You might think - 'Oh I don't have time for that!' but trust me this is super easy to make. After having made these now for about 6 months I would never go back to buying store bought pitas!
I found that the best taste comes from allowing the dough to sit overnight to proof or even longer - whatever suits your lifestyle. I
have even halved the recipe - except use the same amount of dry yeast!
The results are just as good - but the batch is
2 cups warm water
1 tablespoon sugar
1 packet active dry yeast
5 1/2 to 6 1/2 cups all-purpose Flour
1-2 teaspoons salt
240 mls/16 ounces water
7 grams/.25 ounce yeast
800-940 grams/27.5-32.5 ounces flour (1 cup of flour = 145 grams/5 ounces)
For this recipe do not use any stainless steel utensils, that means no metal spoons, bowls, measuring cups, or the like. I've found using them leaves a metallic taste in the dough - not sure why but am passing on the tip.
Mix together using a wooden spoon in a glass or pottery/crockery bowl - the warm water, yeast, sugar and two cups of the flour. Cover the sponge with plastic wrap and then leave for at least 8 hours if not a bit longer. This is the basic sponge for the pitas.
Heat the oven to 500 degrees F or 260 C. In a food processor place the salt and the rest of the flour - I put in 3 1/2 cups and then slowly add more as it is mixing. I then let it mix for 3-5 minutes - depending on the feel of it. If you do this by hand then you'll just be kneading it till it forms a smooth elastic ball - about 5-10 minutes.
Turn the dough out onto a floured surface and allow it to rest for about 5 minutes. I then grab a small handful and roll it into a ball and then flatten it all the while rolling it in flour. I then roll it out to the familiar shape.
Don't worry they won't look the same as the kind you see in the store. If you like them crispy then roll them out thin, if you like a more doughy
texture then leave them rather thick. I then take the dough and pat off the excess flour - but not all of it.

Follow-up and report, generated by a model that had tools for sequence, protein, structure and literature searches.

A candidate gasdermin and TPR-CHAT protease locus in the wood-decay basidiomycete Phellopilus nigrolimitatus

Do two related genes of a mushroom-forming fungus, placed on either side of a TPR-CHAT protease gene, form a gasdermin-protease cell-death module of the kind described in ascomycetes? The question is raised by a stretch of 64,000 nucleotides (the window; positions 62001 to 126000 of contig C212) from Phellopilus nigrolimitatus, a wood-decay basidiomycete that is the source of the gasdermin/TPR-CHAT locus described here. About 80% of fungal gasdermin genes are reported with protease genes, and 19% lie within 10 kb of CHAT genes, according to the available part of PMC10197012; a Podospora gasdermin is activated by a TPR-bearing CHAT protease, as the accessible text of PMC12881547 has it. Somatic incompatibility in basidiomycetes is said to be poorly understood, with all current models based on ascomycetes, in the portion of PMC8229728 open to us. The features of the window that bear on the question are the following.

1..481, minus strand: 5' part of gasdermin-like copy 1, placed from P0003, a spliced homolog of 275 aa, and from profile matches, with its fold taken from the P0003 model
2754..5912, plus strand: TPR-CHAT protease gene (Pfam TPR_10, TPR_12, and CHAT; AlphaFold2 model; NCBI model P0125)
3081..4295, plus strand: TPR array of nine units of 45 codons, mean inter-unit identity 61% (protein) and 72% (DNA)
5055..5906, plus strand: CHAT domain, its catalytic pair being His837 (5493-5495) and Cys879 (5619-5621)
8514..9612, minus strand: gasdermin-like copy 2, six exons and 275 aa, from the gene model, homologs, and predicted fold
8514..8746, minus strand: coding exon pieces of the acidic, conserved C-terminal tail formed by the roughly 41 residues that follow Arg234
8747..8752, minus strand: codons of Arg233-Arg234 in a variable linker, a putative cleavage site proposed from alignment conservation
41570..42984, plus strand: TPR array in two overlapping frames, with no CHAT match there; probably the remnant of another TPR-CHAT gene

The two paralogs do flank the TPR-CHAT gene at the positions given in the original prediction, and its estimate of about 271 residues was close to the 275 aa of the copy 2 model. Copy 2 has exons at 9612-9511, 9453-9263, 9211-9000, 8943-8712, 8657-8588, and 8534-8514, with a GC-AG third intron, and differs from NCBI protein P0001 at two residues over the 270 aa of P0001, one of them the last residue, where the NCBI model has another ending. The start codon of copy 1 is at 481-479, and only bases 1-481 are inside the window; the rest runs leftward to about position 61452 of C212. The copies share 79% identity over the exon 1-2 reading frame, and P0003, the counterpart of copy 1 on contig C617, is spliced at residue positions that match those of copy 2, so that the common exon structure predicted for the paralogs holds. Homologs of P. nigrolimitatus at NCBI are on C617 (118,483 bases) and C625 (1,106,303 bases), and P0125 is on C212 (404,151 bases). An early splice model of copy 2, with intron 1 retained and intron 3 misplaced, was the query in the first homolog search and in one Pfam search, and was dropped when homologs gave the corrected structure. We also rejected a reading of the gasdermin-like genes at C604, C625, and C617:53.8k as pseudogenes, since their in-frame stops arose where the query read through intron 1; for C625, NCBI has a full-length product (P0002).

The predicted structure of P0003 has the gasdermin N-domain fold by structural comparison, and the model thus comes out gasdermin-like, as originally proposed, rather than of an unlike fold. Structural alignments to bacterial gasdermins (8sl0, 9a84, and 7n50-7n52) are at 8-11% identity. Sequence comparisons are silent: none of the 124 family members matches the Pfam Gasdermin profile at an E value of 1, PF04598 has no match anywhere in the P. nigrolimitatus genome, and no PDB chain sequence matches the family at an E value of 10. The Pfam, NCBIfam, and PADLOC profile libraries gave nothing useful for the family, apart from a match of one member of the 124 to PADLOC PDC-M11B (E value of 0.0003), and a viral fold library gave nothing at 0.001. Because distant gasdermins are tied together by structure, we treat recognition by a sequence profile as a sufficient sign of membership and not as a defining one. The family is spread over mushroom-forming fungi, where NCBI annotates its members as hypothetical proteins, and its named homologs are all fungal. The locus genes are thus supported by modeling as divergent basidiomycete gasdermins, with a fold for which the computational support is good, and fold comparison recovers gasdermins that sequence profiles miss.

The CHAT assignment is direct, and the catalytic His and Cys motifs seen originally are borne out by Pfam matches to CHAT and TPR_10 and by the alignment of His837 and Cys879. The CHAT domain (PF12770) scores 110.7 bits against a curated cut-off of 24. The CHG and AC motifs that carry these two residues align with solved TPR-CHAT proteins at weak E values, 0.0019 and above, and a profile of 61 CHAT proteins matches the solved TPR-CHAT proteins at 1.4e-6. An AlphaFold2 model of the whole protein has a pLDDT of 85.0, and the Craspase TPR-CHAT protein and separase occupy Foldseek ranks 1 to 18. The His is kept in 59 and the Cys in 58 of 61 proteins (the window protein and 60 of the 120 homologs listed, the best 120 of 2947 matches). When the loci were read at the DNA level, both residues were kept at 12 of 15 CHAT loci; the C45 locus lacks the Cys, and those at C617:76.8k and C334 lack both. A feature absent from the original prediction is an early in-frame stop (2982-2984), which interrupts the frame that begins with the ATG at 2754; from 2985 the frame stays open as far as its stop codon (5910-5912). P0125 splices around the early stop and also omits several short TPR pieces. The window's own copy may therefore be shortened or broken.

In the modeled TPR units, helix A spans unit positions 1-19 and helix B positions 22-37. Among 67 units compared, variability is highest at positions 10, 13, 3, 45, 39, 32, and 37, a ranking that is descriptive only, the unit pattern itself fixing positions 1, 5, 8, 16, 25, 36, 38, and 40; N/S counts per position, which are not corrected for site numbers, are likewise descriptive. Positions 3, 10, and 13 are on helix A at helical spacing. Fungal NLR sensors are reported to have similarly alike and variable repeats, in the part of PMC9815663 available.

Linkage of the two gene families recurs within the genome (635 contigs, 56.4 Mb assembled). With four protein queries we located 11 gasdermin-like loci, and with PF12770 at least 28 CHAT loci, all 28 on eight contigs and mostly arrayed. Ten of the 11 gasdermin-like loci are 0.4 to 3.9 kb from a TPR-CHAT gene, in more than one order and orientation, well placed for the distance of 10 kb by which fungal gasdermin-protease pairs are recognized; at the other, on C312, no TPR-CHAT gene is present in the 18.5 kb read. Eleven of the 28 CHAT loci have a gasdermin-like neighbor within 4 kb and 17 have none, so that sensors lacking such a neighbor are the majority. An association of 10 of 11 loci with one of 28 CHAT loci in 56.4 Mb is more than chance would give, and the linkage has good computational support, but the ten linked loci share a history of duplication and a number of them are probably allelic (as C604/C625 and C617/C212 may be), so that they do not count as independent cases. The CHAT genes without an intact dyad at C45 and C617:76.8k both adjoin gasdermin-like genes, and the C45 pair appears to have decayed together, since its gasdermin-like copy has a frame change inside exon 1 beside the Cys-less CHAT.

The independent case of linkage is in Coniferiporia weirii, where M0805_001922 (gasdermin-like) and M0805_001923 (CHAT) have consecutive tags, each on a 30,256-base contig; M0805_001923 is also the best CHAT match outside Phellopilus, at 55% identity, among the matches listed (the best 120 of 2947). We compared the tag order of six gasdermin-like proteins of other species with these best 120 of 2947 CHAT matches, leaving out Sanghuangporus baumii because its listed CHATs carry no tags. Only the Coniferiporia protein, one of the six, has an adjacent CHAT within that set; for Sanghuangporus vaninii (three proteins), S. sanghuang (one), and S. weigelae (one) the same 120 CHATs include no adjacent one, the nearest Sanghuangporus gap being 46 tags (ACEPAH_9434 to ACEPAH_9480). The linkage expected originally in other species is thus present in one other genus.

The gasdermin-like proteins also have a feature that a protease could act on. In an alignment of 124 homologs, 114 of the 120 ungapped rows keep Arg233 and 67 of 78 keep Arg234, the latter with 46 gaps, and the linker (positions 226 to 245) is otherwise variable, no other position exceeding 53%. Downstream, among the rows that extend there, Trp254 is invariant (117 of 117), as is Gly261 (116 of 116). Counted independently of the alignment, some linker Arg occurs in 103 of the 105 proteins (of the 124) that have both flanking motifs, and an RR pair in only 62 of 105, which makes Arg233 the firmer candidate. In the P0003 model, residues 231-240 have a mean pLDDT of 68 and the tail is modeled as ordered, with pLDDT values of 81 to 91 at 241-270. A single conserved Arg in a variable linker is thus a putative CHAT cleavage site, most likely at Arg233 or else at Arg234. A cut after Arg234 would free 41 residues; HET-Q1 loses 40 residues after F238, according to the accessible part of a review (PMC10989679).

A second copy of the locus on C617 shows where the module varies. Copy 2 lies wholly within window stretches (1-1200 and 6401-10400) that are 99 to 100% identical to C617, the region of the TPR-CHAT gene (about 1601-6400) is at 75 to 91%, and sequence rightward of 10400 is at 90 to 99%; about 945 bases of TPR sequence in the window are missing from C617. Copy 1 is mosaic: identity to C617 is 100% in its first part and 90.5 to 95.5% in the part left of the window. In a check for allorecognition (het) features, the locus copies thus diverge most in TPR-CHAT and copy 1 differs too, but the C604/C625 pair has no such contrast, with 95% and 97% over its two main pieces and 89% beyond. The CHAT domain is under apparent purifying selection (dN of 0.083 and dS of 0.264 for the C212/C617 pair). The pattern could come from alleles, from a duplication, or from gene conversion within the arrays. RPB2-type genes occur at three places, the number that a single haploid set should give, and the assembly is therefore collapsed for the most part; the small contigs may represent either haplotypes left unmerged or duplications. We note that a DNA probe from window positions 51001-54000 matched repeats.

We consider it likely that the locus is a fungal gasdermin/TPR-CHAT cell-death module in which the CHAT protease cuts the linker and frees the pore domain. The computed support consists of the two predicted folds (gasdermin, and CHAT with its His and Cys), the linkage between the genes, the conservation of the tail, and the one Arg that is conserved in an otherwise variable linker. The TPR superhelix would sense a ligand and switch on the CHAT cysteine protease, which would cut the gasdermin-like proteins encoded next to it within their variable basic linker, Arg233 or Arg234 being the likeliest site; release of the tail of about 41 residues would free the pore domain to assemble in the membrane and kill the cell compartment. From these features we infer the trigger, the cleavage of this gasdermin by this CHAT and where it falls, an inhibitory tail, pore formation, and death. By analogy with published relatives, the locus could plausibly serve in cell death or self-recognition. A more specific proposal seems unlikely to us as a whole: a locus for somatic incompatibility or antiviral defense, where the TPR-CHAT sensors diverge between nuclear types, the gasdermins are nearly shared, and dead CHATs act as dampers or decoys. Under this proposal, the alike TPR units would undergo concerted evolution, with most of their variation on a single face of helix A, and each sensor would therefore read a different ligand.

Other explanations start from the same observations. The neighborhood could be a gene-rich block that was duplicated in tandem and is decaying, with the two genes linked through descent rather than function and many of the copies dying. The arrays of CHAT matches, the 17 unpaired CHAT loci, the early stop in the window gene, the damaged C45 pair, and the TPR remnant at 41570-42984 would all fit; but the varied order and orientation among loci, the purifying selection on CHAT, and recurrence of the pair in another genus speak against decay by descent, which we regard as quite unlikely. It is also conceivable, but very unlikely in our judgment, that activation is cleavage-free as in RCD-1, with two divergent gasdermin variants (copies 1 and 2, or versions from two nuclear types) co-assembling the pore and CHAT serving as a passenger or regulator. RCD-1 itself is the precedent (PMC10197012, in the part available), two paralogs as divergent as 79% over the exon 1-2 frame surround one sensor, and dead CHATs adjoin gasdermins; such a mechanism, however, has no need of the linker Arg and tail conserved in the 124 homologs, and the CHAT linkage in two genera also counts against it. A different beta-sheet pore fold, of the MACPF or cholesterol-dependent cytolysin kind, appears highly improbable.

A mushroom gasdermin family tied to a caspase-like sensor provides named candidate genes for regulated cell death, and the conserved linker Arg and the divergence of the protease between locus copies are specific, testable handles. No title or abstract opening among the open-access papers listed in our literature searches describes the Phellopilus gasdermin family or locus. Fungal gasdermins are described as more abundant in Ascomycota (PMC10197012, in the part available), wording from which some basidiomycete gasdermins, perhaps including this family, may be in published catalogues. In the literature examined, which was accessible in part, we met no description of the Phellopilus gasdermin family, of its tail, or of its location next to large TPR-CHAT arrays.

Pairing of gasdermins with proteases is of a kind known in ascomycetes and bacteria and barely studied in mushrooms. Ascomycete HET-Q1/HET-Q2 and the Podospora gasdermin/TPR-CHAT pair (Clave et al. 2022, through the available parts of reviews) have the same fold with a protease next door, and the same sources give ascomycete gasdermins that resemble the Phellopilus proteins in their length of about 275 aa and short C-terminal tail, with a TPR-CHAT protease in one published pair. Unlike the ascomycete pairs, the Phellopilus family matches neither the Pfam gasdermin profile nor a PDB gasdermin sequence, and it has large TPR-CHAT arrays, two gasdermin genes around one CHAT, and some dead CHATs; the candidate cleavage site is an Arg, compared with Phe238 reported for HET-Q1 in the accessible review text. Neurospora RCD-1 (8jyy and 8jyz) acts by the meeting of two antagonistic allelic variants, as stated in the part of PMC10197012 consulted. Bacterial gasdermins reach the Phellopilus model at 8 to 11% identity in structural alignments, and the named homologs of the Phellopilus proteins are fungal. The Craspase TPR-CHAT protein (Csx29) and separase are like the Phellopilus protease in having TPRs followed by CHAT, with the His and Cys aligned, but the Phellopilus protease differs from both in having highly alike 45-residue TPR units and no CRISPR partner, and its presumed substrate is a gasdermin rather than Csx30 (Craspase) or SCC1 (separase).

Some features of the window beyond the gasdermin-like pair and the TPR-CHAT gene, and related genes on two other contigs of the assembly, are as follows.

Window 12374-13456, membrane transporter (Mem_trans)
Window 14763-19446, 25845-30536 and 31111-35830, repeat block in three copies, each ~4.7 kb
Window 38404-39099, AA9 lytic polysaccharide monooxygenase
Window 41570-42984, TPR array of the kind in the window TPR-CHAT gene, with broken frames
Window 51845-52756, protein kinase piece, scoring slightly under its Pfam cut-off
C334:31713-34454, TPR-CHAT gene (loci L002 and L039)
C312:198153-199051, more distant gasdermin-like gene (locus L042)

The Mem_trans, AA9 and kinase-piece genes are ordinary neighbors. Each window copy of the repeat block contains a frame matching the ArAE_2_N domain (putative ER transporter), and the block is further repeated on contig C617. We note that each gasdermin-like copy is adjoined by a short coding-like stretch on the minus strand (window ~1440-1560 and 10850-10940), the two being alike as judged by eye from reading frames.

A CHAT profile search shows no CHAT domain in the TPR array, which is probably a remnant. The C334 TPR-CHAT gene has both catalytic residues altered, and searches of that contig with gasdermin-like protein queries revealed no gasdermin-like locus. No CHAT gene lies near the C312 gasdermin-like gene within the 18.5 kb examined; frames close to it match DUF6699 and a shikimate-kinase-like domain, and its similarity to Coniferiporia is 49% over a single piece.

If you have a pizza stone place it on the bottom of the oven - if not then use baking sheet lined with parchment paper. Have a rack in the middle of the oven. Place your pitas directly onto the pizza stone when the oven is fully heated. If using baking sheets then place them on the bottom of the oven. Close the door and leave it closed for 1 1/2 minutes - do not peek!! The dough needs this
certain time to form the pocket. After this time you can move the pitas to the rack and continue to cook until your desired colour is achieved. I like mine a bit darker than others - but everyone can decide this on their own. The usual time is 3-7 minutes depending on how thick you have made them. They will puff up and look like little pillows - be careful as this is steam!
Remove when cooked and allow to cool slightly - then enjoy them while they are warm. You can also add herbs to the recipe if you like as well.
I've tried some pureed garlic, parsley, cilantro (coriander), all with good results. The recipe is only limited by your imagination!
The full recipe makes about 16 normal size pitas - a half recipe makes about 8 or so. It all depends on how big you make them, etc. I also make a few and place the dough in a plastic zip lock bag in the fridge.
The dough will continue to rise so don't be alarmed! Just knock it back and it will keep for about a week like that. Anything more than that and it begins to taste very yeasty again.
Revised: 26 July 2003.